Screenshots and Commentary

  • Vividred Operation aired on Saturday mornings over on this side of the world, and in the January of a decade earlier, I had just started the second term. Because it’d been thesis year, I ended up taking a step back from volunteering as a teaching assistant at the local Chinese academy so I could have Saturdays to focus on my coursework: my thesis work had been built on Mac OS X, and I had a Windows PC at home, so I spent every moment I could spare at the lab while I was on campus, and this left me weekends to tend to my other courses.

  • My fall term had been an easier one: I was enrolled in iOS programming, genomics, and science fiction literature: the former was built around a team project, while the latter two were courses that had a focus on papers. Because only science fiction literature had exams, I had enough time to make considerable headway in my undergraduate thesis project and maintain a decent showing in my other courses. This made my fall term one of the most relaxed I’d had since starting university, and I spent most of my time at the lab, experimenting with different ideas as I worked towards building a functional multi-scale model of renal behaviour.

  • My interest in the renal system was based on a summer project I’d worked on two summers prior, when I picked up a project to model fluid flow in convoluted vessels using ray-tracing. This eventually led me to investigate protein channel behaviours, and eventually, I decided that it’d be fun to take these ideas and show how the in-house game engine could allow for a (mostly) seamless transition between an agent-based visualisation of fluid flow and a macroscopic representation of renal health. Looking back, this project had been quite simple, but my project did show how use of game engines was feasible for showing physiological processes at different scales, while at the same time, maintaining visual consistency between the scales.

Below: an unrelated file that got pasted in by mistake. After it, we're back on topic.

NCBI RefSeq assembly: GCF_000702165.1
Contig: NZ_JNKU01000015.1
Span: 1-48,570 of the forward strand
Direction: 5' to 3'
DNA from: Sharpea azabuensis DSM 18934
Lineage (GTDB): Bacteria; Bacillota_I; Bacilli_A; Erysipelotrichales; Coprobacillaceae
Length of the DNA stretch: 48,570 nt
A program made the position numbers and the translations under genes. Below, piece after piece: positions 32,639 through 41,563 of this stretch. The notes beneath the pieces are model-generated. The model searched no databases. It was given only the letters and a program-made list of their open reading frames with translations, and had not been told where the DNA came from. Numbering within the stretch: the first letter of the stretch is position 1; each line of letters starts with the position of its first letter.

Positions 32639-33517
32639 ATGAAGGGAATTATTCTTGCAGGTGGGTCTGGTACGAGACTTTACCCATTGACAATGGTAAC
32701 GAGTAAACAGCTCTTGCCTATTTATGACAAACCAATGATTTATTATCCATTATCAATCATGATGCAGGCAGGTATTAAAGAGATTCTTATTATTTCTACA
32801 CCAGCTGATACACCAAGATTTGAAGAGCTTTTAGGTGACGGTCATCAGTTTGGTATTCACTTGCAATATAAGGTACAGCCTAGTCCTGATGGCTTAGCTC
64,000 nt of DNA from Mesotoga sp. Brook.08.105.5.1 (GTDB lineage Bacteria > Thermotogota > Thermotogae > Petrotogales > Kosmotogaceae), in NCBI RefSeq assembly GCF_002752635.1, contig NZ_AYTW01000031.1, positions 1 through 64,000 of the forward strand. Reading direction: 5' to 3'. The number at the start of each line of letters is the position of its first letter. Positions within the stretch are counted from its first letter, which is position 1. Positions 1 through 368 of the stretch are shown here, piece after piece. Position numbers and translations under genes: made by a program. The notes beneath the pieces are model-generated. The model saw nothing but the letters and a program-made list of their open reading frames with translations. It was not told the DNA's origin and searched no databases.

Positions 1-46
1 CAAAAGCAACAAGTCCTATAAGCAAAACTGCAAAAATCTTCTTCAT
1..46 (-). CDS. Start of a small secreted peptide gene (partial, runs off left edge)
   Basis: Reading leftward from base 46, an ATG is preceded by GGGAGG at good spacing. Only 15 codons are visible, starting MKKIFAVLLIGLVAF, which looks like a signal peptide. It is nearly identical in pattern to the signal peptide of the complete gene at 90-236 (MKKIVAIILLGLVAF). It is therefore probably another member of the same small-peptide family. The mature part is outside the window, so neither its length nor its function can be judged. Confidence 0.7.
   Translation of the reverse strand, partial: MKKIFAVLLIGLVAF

• Having spent the fall term building most of the project out, by January, I had a functional model that showcased renal physiology at three different scales. At this point in time, my main priority was fine-tuning the model, adding components to make it more user-friendly, writing out the thesis paper itself, and preparing for various presentations that made up the thesis course. The bulk of the harder work had been completed already, and I am glad to have taken advantage of my schedule in the fall term to have done so.

  • During the winter term, I also had three courses, but this time around, I had statistics, databases and software engineering. These courses were significantly more involved than the courses from my previous term; all of them had midterms and finals, and on top of this, databases and software engineering had a large project component, too. While my home faculty had tried to balance things out by making the thesis course a 2 FCE (it took up two slots in any given term), having three other busy courses would’ve made it a bit tricky had I not made the progress I did in my fall term.

  • As memory serves, I ended up working out a strategy to stay on top of things for that term. While I was on campus, I would work on tuning my renal model, and where I had extra time, I could work on my assignments for statistics and databases. Software engineering was a bit more involved, so I would do some revisions and start assignments on campus, but otherwise, I redirected my work to Saturdays, when I had the whole day to myself. Sundays, I spent chipping away at the non-technical aspects of my thesis course (namely, the papers and presentations).

  • On Saturdays, I always made room for Vividred Operation, watching it right before lunch. Back then, besides Vividred OperationBoku wa Tomodachi ga Sukunai NEXTTamako Market, and Yama no Susume were also airing. I ended up watching the first two and ended up skipping Yama no Susume somehow, but I do remember that Boku wa Tomodachi ga Sukunai NEXT and Tamako Market were enjoyable series in their own right. Once I’d settled into a schedule, my winter term became more manageable, and I slowly pushed ahead to the finish line.